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10,000 Hours or Ten Years to Expert Performance in Surgery

Martin McKneally
Martin McKneally

In the Chairman's column, Richard Reznick contrasts the extensive time requirement for development of expertise recounted by Malcolm Gladwell in his best-selling book Outliers with the current restrictions on the hours of training prescribed for surgical residents in Europe and North America. In his provocative and articulate style, Gladwell explicates the remarkable research of K. Anders Ericsson, A.C. Lehmann and their colleagues at the Max Planck Institute for Human Development in Berlin (1). These authors studied musicians at the elite Berlin School of Music, as well as typists, professional athletes, chess champions and other experts. 10,000 hours of deliberate practice was critical for taking musicians to a level of expertise that enabled them to play in a professional orchestra on the concert stage, or for athletes to compete at a professional level.

Deliberate practice was defined as skillful deconstruction, critical analysis, and reflective repetitive practice with expert feedback from coaches or from disciplined self-study.

Professionals engage in "deliberate practice, perfecting components of performance analytically with multiple repetitions and improvements". Tiger Woods works on perfecting defined components of his golf swing. Michael Phelps tests and develops minor changes in his strokes or kicks to improve his performance in the pool. Simply hitting balls or swimming laps is not deliberate practice. Coaching and feedback are an important component; they should be consistent and based on expert technical knowledge.

The analogy to surgical training is tempting to draw. The development of fast twitch fibres and recruiting of muscle memory to choreograph digital and instrumental movements fits well. All analogies limp, and the limp occurs at the point where the similarity breaks down. Surgeons in training don't get much deliberate practice, though they get a lot of surgical work. Ericsson: "Let us briefly illustrate the differences between work and deliberate practice. During a 3-hr baseball game, a batter may get 5-15 pitches [perhaps one or two relevant to a particular weakness], whereas during optimal practice of the same duration, a batter working with a dedicated pitcher has several hundred batting opportunities, where his weakness can be systematically explored." The potential contribution of the simulation lab springs to mind.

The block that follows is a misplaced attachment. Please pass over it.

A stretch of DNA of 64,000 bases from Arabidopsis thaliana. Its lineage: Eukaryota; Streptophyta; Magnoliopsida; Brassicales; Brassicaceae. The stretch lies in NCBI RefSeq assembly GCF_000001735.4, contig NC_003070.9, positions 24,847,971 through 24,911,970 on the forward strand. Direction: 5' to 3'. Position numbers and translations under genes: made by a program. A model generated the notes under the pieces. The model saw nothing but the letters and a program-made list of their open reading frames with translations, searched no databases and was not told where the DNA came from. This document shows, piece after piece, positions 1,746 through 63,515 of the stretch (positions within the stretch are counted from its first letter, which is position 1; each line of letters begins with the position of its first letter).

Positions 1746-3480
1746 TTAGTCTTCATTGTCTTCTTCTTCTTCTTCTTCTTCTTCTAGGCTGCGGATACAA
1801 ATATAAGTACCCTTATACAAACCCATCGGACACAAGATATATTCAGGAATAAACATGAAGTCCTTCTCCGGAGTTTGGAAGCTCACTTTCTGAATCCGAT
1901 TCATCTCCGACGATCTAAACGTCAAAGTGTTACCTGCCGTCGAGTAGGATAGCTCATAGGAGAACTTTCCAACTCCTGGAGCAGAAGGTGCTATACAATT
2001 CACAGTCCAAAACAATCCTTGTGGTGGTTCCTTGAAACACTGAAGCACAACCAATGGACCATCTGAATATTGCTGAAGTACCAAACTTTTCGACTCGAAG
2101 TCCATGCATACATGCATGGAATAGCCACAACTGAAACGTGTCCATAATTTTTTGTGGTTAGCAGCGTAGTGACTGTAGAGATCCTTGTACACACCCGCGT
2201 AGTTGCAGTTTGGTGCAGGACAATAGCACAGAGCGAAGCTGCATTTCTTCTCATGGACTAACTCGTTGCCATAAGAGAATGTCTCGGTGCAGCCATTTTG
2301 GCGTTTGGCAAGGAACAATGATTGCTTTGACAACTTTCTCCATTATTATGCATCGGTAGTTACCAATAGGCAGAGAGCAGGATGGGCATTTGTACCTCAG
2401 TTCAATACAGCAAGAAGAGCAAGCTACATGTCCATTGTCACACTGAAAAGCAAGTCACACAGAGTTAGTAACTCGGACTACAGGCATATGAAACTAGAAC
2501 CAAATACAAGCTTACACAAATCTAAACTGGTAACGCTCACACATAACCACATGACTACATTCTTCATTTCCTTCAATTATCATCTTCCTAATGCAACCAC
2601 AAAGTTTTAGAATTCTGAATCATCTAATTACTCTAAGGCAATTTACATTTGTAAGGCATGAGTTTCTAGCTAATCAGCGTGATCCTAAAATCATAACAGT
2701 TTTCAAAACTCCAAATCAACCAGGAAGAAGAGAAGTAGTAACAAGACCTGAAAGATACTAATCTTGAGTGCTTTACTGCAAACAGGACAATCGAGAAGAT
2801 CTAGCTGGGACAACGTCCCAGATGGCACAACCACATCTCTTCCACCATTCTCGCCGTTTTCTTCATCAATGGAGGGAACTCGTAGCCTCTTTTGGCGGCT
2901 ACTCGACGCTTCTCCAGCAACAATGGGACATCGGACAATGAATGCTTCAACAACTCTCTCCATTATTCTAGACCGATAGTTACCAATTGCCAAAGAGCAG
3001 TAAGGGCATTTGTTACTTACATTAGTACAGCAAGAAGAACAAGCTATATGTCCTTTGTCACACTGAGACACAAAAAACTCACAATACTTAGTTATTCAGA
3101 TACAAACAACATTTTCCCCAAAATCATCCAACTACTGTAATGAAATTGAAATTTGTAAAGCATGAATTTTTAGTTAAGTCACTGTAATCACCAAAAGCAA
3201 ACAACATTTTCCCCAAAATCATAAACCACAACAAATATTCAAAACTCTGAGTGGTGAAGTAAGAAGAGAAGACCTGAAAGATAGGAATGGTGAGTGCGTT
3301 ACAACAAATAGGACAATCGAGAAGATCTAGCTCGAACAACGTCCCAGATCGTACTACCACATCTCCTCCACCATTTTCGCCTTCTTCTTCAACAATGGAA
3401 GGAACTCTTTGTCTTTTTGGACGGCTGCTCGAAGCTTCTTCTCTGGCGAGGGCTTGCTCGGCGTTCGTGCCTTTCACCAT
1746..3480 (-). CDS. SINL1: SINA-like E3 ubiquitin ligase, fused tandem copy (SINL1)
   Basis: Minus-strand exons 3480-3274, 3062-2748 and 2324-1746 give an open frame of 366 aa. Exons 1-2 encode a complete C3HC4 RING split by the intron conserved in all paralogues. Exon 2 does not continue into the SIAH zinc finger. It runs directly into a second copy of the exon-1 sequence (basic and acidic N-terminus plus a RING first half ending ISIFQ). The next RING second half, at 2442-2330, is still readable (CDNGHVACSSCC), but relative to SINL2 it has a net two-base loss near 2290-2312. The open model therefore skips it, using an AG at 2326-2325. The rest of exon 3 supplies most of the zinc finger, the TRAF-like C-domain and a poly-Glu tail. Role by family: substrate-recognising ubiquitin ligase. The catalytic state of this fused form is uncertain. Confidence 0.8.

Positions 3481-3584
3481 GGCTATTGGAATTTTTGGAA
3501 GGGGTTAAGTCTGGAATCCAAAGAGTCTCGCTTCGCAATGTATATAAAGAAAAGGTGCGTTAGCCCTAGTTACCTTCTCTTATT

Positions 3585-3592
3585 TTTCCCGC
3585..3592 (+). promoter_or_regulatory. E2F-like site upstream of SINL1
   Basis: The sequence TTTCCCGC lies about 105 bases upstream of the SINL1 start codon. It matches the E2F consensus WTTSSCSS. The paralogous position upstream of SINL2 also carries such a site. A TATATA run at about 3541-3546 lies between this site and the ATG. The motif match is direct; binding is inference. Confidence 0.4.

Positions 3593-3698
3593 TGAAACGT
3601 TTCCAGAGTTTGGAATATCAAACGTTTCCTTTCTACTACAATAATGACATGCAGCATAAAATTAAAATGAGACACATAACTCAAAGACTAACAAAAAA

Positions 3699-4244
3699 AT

In a thoughtful recent editorial in the Canadian Medical Association Journal, British Columbia neurosurgeon David A. Omahen dissects the analogy further (2). He calculates that the 10,000 hour mark is attained in neurosurgery residency in about 6.9 years. He draws attention to the apparent coincidence that most neurosurgery residencies are six years long, with many residents electing to take one extra year of fellowship training. He questions how much of the 10,000 hour experience qualifies as deliberate practice. "The time spent by a resident watching an operation from the sidelines, or admitting the fifth 'weak and dizzy' patient at 4am probably doesn't fall into the category of deliberate practice!" Omahen also underlines Ericsson's finding that high level violinists took naps during the day and got a statistically significant greater amount of sleep than those who wound up as violin teachers rather than concert performers. He closes on an optimistic note - that effective teachers, perhaps those with ten years or 10,000 hours of deliberate practice at teaching, can have a powerful and lifelong impact on learners "by placing information in a meaningful context, creating situations that facilitate deliberate practice and providing immediate valid feedback".

In defense of the value of residents' work, we can reflect on Gladwell's interesting observation that prodigies with great technical skill in music often do not develop into mature concert musicians unless they develop the social and other less technical components of mature performance. This may be used as part of the justification for the diverse tasks residents perform outside the operating room. Many of these experiences teach surgeons needed social skills and help them develop mature judgement as their decisions are reviewed by senior colleagues, experienced nurses and thoughtful patients.

We are fortunate to have analytic educational scholars in our department like Glenn Regehr, Richard Reznick and their colleagues who continue and extend the analytic work of Ericsson. Studying timing, errors, and instrument movement in the laboratory, they have demonstrated that improvements developed during deliberate practice significantly transfer into effective surgical treatment of living patients (3, 4).

Martin McKneally

(1) Ericsson KA, Lehmann AC. Expert and exceptional performance: evidence of maximal adaptation to task constraints. Annu Rev Psychol 1996;47:273-305.

(2) Omahen DA. The 10,000-hour rule and residency training. CMAJ June 9, 2009;180(12):1272.

(3) Mylopolous R, Regehr G. Cognitive metaphors of expertise and knowledge: prospects and limitations for medical education. Med Educ 2007;41:1159-65.

(4) Park J, MacRae H, Musselman LJ, Rossos P, Hamstra SJ, Wolam S, Reznick RK. Randomised controlled trial of virtual reality simulator training: transfer to live patients. Am J Surg 2007;194(2):205-11.

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